Tens of thousands of photographs from the First World War feature people who have no name. Who are they? Where did they come from? What was there story? Did they fight and die or fight and survive? Help identify these people and tell their story and in many cases remember a person as more than just a name on a memorial – they had parents and siblings, they went to the local school and played cricket for the local club … bring them to life in the 100th anniversary years of the Great War, that war that H G Wells said ‘would end all war’.
There are six photographs in this set which show the entire ‘cadet squadron’ and their commander. These embedded them in Hastings in 1918 and could offer more clues and of course more faces to ‘play’ with. I doubt any of this group saw service as the influenza epidemic and dreadful weather made completing training by November 1919 difficult … but the Royal Flying Corps barracks here had been used for a few years and indeed the younger brother of Jack Wilson had signed up age 17 and was flying bombers over Belgium at the time of this picture. I think I need to indicate that multiple connections can be made a) geographically to the wide ranging UK locations these cadets came from and b) their links to combatants in the RAF or other services at this time including those who die c) for some, the schools they had just left – so Jack Wilson who left school at 14 and came from the Iron and Steel town of Consett finds himself in the mess-room with boys straight out of Harrow and a Cambridge undergraduate …d) those who remained in the RAF and go on to serve, potentially in a senior capacity by the time of the Second World War i.e. the picture becomes a way to explore people, places, history, society, education, class, military history e) the Charlie Chaplin films being shown … the coming of radio e) even bringing it as close as I can to the present day as Jack Wilson lived into his 97th year and went to an RFC/RAF reunion in 1992, attended the 75th commemoration of the Battle of Passchendaele and on watching the First Iraq War on TV remarked ‘That’s Nothing Compared to Passchendaele’ … and said, ‘If I was a younger man I’d like to go out and have a go’ … and warned me, his 30 year old grandson that I might get called up!! So, not realising it the multliple threads perhaps make this, and therefore any picture like it, full of possibility ESPECIALLY because of the connectedness of Web 2.0. Very many thanks. Interest in this very much helps me to stick with it and fix it rather than going off on a tangent.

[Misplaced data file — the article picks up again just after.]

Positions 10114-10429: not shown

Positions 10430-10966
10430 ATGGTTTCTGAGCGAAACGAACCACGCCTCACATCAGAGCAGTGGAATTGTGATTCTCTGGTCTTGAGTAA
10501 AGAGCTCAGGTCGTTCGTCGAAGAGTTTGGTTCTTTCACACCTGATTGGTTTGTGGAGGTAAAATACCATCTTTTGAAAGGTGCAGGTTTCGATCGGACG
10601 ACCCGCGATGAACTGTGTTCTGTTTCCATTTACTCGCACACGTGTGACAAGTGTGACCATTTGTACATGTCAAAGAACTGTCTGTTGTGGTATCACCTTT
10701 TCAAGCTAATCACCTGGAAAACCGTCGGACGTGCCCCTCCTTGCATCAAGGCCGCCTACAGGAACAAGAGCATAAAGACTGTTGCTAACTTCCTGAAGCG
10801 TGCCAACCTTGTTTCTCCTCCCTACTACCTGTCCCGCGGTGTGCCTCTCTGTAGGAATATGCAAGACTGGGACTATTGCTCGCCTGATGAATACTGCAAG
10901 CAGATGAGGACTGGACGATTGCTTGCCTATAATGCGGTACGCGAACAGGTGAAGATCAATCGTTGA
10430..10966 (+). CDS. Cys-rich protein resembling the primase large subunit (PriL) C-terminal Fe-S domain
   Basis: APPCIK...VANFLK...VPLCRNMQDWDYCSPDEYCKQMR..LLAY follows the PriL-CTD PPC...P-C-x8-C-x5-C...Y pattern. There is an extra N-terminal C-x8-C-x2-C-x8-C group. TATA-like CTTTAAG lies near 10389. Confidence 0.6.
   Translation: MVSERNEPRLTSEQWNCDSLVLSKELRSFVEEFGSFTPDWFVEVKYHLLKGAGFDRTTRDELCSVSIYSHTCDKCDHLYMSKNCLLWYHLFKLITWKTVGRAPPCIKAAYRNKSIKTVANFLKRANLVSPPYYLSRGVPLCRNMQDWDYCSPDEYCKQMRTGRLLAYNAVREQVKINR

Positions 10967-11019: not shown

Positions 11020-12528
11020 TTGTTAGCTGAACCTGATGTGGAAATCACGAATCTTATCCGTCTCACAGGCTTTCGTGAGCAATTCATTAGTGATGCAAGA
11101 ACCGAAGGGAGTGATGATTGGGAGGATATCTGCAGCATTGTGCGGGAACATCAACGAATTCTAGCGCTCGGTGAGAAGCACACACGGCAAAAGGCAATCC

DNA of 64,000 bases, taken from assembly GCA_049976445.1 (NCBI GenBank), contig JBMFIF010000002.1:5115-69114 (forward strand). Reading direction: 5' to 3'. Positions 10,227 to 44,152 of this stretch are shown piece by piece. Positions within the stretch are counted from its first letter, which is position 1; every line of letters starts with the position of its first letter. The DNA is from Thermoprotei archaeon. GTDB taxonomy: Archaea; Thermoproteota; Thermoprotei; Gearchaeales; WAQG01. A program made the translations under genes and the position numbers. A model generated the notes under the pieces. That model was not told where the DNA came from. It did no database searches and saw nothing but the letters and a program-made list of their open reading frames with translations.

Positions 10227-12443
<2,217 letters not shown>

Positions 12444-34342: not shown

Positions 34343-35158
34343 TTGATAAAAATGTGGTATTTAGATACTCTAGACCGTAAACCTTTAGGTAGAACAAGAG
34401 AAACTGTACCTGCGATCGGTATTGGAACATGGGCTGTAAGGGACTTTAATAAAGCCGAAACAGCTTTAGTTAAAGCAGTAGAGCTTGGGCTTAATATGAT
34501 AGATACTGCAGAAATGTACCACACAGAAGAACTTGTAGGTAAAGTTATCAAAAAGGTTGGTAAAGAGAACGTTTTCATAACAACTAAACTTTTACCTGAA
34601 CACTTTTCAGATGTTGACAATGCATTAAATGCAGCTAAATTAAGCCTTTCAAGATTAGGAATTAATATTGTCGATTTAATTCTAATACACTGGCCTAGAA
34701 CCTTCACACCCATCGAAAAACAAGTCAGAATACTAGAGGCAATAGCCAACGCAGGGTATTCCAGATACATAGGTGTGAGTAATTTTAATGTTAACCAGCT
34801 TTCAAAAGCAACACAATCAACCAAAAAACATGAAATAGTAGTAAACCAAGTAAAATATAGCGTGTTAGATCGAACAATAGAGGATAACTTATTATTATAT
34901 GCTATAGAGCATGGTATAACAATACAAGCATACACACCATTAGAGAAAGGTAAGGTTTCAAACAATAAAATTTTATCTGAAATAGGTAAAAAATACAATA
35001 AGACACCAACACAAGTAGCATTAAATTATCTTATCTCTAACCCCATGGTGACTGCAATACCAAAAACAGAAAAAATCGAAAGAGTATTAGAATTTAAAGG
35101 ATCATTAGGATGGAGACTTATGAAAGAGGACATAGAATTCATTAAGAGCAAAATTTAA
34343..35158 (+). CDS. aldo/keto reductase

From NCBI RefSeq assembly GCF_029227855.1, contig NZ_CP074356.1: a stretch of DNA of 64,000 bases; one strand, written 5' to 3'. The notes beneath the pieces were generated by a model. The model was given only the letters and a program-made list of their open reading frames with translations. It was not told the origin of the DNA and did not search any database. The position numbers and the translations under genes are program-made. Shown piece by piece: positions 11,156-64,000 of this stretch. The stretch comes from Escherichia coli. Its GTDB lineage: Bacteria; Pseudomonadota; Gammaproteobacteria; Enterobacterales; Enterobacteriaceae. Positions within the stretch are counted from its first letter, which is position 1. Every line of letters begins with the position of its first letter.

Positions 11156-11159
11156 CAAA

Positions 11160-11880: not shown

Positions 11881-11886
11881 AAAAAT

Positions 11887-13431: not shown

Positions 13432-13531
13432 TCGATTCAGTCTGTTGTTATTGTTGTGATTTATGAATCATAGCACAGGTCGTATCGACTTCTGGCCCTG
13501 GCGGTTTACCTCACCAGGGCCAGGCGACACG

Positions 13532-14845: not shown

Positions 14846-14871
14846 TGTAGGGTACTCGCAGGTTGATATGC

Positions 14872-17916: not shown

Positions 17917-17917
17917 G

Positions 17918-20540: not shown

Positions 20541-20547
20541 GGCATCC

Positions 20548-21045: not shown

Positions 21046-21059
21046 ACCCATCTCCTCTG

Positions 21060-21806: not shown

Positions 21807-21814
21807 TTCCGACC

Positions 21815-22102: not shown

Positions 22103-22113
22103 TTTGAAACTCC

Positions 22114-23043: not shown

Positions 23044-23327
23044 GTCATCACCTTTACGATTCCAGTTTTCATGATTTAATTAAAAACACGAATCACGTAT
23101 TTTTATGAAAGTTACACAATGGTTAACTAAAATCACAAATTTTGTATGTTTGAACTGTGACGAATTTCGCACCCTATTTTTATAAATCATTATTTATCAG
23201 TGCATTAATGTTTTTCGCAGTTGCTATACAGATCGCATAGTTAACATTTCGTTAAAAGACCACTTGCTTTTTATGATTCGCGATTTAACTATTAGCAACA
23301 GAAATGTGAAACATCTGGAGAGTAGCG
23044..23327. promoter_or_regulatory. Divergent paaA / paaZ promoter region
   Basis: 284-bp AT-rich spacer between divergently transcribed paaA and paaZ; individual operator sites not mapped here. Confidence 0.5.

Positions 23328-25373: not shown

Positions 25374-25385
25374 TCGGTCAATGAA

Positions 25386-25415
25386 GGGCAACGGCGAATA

I need as I go through the necessary task of simplifying and magnifying the idea that works rather than thinking that adding more or coming up with new ideas will in any way help. I’ll work on what you suggest. The picture could fill the poster … ‘BE’ the poster with rollover and drop-down on faces. This offers the greatest opportunity, not least because already, since 2005 or so, when I first put these on Flickr, there have been contributions. Not least I recall being interviewed for research into memorialising the first world war based on a search stumbling upon this picture. Something I’d forgotten – that by tagging and ‘pushing’ an image on the Web it makes it ‘vulnerable’ to being picked up through serendipity and the more interest, clicks and comments, the brighter the light shone on it by the search engines … so it becomes self-fulfilling. Would it help or hinder to target this at secondary school GCSE students? This at least gives me some parameters and learning objectives to work from.